Hamid said many members in his branch, especially the offshore division, were affected by non-consolidated payments. Although he recognised that a non-consolidated payment was better than nothing, it undermined the principle behind career average pension schemes.
“Large non-consolidated market supplements, while being better than lower pay, will in the long run have a significant impact on accrued pension in retirement, undermining the ethos and principles of a career average pension scheme,” he said.
Phil Brown (Met Office), who is the local pensions expert in his branch, had tried to talk positively to members about the Alpha scheme. “But the over-use of non-consolidated payments has led to a severe corruption of that pension scheme,” he said.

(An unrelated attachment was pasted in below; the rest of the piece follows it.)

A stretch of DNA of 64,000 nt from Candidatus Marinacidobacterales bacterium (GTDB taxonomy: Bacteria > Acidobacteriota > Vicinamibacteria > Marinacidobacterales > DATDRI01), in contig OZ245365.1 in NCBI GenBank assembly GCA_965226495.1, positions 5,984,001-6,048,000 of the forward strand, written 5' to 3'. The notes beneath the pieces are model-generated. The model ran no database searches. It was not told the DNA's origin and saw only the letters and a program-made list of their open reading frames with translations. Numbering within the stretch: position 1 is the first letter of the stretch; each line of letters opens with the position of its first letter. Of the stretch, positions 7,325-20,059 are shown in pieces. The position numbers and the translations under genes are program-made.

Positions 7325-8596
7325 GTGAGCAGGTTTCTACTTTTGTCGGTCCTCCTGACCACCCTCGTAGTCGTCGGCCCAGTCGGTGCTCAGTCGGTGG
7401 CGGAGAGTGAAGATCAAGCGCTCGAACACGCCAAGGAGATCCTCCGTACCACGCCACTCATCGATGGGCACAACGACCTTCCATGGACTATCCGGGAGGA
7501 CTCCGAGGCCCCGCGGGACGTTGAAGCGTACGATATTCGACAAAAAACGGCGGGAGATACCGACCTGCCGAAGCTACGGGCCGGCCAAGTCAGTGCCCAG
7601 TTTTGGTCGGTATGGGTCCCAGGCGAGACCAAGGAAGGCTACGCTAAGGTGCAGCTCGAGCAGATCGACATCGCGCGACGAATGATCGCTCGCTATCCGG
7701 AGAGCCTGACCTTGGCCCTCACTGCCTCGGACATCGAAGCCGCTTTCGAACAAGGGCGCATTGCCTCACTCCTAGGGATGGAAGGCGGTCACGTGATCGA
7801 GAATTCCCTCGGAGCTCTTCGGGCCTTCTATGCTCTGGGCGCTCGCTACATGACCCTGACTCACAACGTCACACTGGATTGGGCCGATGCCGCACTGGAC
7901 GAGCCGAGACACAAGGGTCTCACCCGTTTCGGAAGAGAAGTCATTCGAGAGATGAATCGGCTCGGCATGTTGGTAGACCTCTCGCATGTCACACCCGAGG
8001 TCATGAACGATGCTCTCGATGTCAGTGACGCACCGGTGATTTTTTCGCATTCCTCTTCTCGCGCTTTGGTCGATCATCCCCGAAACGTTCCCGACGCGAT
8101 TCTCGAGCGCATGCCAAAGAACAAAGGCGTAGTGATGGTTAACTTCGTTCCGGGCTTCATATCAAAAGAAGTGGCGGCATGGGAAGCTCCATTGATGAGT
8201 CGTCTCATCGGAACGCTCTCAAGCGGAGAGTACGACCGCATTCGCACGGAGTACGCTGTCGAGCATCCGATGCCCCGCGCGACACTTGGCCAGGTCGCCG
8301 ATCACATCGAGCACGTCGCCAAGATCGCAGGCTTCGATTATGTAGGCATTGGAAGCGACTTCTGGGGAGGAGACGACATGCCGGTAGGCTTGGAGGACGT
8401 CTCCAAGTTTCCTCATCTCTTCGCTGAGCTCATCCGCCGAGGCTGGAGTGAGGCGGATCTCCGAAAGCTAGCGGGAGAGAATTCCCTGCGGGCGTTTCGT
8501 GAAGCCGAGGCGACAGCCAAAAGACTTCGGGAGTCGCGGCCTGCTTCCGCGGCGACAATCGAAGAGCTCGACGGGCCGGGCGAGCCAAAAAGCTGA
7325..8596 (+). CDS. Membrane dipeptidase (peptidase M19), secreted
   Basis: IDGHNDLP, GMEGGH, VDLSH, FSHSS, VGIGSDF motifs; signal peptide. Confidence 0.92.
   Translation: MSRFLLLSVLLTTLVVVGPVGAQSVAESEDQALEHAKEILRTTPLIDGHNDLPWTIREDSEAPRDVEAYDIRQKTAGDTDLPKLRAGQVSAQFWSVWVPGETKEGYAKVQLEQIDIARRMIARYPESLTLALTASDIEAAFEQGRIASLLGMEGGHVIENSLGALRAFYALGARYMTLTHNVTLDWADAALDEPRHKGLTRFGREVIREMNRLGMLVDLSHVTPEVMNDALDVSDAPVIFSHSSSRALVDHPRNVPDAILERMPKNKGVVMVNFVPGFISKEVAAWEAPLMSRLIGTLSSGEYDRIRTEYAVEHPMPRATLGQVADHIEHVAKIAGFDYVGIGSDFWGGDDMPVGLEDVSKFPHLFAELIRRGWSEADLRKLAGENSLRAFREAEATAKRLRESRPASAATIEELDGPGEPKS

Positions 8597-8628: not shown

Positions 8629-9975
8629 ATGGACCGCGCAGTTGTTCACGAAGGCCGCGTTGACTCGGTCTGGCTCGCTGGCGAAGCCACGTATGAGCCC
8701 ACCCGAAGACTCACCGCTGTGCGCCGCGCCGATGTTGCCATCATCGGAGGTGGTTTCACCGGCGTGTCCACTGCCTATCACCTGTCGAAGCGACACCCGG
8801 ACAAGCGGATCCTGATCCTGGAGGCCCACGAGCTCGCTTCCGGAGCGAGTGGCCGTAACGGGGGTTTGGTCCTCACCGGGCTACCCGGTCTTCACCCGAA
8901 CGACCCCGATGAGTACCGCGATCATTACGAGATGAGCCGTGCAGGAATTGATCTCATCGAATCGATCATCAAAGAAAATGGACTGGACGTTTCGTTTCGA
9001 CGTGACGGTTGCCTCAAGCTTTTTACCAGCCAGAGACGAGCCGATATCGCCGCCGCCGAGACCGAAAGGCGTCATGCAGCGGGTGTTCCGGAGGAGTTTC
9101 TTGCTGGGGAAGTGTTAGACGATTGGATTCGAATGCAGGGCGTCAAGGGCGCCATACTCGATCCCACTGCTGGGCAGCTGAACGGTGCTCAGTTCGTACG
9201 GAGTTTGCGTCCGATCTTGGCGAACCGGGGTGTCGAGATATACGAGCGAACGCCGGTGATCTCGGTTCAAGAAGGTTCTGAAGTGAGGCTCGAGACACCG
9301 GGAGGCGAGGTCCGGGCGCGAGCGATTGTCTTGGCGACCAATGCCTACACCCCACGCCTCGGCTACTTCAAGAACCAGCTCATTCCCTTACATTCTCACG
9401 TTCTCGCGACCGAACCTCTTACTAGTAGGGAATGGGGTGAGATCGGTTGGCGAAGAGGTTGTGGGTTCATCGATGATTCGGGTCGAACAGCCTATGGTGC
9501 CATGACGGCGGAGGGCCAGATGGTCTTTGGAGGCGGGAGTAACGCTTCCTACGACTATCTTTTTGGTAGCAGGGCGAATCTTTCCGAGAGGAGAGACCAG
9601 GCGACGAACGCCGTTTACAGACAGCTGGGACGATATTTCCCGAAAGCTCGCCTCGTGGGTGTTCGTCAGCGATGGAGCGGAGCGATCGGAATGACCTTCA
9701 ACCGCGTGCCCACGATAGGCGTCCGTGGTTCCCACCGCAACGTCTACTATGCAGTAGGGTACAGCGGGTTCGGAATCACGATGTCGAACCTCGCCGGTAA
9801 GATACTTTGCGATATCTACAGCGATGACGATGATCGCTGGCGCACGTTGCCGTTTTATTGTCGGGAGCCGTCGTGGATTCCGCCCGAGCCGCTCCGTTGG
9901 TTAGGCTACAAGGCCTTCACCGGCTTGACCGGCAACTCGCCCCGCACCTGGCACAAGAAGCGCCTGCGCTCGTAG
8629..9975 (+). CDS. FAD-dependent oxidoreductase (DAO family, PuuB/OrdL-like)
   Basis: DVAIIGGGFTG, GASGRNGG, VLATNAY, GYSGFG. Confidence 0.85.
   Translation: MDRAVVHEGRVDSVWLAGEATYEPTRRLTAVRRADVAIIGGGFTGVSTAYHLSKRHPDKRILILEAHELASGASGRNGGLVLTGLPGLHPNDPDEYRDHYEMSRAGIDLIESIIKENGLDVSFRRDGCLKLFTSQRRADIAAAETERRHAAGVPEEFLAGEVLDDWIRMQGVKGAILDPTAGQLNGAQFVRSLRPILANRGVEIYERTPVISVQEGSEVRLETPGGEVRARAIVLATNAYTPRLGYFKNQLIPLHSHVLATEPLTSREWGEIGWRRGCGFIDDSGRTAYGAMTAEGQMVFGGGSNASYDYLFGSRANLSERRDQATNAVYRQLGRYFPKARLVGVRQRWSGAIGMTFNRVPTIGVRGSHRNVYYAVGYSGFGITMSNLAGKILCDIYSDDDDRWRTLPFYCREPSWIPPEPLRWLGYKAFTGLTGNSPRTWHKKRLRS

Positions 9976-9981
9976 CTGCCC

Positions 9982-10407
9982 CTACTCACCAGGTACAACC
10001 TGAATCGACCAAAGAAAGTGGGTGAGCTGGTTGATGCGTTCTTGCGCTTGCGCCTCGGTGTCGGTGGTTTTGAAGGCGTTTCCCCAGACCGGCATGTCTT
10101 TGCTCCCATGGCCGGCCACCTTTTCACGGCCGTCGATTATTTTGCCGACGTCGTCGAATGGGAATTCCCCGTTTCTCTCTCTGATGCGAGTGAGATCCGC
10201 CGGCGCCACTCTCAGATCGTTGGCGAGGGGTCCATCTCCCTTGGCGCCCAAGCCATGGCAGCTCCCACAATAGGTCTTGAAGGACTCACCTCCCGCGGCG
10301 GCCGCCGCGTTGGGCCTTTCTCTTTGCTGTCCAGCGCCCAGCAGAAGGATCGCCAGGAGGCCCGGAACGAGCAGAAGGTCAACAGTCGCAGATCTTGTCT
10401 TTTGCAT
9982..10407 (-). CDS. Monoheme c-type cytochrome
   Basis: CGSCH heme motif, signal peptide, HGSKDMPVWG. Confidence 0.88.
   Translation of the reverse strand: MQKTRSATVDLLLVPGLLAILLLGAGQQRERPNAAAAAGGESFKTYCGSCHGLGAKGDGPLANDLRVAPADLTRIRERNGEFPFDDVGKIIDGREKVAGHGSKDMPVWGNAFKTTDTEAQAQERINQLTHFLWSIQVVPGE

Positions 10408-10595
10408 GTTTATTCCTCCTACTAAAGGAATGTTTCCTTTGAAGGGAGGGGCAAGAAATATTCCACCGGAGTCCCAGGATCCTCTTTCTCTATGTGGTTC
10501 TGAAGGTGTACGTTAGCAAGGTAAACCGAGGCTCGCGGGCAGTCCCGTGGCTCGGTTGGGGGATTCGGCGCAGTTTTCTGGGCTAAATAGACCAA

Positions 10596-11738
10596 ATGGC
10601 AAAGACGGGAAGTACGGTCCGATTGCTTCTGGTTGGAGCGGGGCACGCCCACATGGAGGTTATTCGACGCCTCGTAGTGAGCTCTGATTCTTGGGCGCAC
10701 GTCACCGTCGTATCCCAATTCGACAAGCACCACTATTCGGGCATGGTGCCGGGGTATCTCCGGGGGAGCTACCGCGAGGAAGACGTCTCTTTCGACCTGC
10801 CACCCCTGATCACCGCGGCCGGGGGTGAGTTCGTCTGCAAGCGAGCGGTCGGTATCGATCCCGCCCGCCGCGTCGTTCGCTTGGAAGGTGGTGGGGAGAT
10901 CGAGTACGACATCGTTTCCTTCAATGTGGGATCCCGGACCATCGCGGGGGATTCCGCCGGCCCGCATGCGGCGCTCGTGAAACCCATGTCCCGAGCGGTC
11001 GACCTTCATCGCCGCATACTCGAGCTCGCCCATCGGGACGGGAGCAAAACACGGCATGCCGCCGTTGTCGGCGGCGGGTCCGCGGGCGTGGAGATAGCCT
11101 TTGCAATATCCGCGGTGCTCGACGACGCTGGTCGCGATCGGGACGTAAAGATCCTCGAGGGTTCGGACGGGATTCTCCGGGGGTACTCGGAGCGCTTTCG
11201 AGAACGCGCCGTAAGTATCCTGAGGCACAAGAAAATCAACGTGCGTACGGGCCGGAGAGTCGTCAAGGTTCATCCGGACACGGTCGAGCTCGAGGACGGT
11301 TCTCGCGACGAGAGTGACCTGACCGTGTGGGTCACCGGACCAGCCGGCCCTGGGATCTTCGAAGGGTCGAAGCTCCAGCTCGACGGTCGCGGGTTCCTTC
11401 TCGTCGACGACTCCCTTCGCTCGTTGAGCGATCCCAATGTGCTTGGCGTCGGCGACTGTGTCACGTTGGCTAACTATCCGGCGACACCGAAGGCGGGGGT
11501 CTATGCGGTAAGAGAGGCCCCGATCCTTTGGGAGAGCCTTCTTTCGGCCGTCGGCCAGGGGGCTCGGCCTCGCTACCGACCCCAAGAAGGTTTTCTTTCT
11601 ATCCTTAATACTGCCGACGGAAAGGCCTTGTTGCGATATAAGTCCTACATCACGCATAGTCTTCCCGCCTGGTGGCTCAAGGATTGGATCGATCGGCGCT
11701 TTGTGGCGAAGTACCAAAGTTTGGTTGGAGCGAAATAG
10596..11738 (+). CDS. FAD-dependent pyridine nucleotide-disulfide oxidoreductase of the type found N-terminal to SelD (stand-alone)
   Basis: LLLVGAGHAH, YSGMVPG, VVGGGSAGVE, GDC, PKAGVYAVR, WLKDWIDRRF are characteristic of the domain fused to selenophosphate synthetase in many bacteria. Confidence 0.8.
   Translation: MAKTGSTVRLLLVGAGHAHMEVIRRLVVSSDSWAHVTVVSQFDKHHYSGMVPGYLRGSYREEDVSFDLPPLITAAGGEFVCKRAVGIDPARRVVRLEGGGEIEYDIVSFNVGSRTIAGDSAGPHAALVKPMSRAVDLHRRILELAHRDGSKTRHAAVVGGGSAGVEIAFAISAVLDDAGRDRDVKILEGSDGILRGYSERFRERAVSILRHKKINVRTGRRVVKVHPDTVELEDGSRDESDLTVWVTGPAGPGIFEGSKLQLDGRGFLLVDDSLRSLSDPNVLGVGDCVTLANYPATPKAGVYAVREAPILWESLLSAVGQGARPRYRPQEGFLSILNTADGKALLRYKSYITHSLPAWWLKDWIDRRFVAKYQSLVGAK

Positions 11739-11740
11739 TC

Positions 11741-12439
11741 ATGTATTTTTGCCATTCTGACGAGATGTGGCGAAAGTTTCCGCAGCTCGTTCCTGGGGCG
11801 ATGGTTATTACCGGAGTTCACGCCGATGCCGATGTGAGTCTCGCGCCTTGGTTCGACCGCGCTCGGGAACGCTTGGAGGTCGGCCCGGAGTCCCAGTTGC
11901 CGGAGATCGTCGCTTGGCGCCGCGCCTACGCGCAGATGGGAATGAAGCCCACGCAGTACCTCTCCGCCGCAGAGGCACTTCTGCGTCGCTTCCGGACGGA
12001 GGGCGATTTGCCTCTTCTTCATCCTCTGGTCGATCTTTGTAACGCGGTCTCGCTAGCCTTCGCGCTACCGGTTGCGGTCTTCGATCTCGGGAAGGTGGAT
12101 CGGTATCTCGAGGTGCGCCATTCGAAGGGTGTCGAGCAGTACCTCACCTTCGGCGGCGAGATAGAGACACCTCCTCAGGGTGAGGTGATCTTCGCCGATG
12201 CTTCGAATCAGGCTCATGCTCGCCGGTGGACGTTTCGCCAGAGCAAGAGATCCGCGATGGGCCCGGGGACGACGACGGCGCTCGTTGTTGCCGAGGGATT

Speaking on behalf of the executive, Alan Grey said departments cannot deviate from the 1% pay cap and that it was difficult for employers to overcome the business case hurdles.
“Departments only have one option – non-consolidated and non-pensionable allowances or supplements,” he said.
He warned that a future government would have to pick up the shortfall.
Even where Prospect had been successful in negotiating consolidated allowances, these could be removed with one month’s notice, Grey concluded.
Delegates agreed and endorsed the motion calling on the executive to investigate how widespread the practice is and to challenge the use of large non-consolidated market supplements as a cheaper alternative to elements of pay that are pensionable.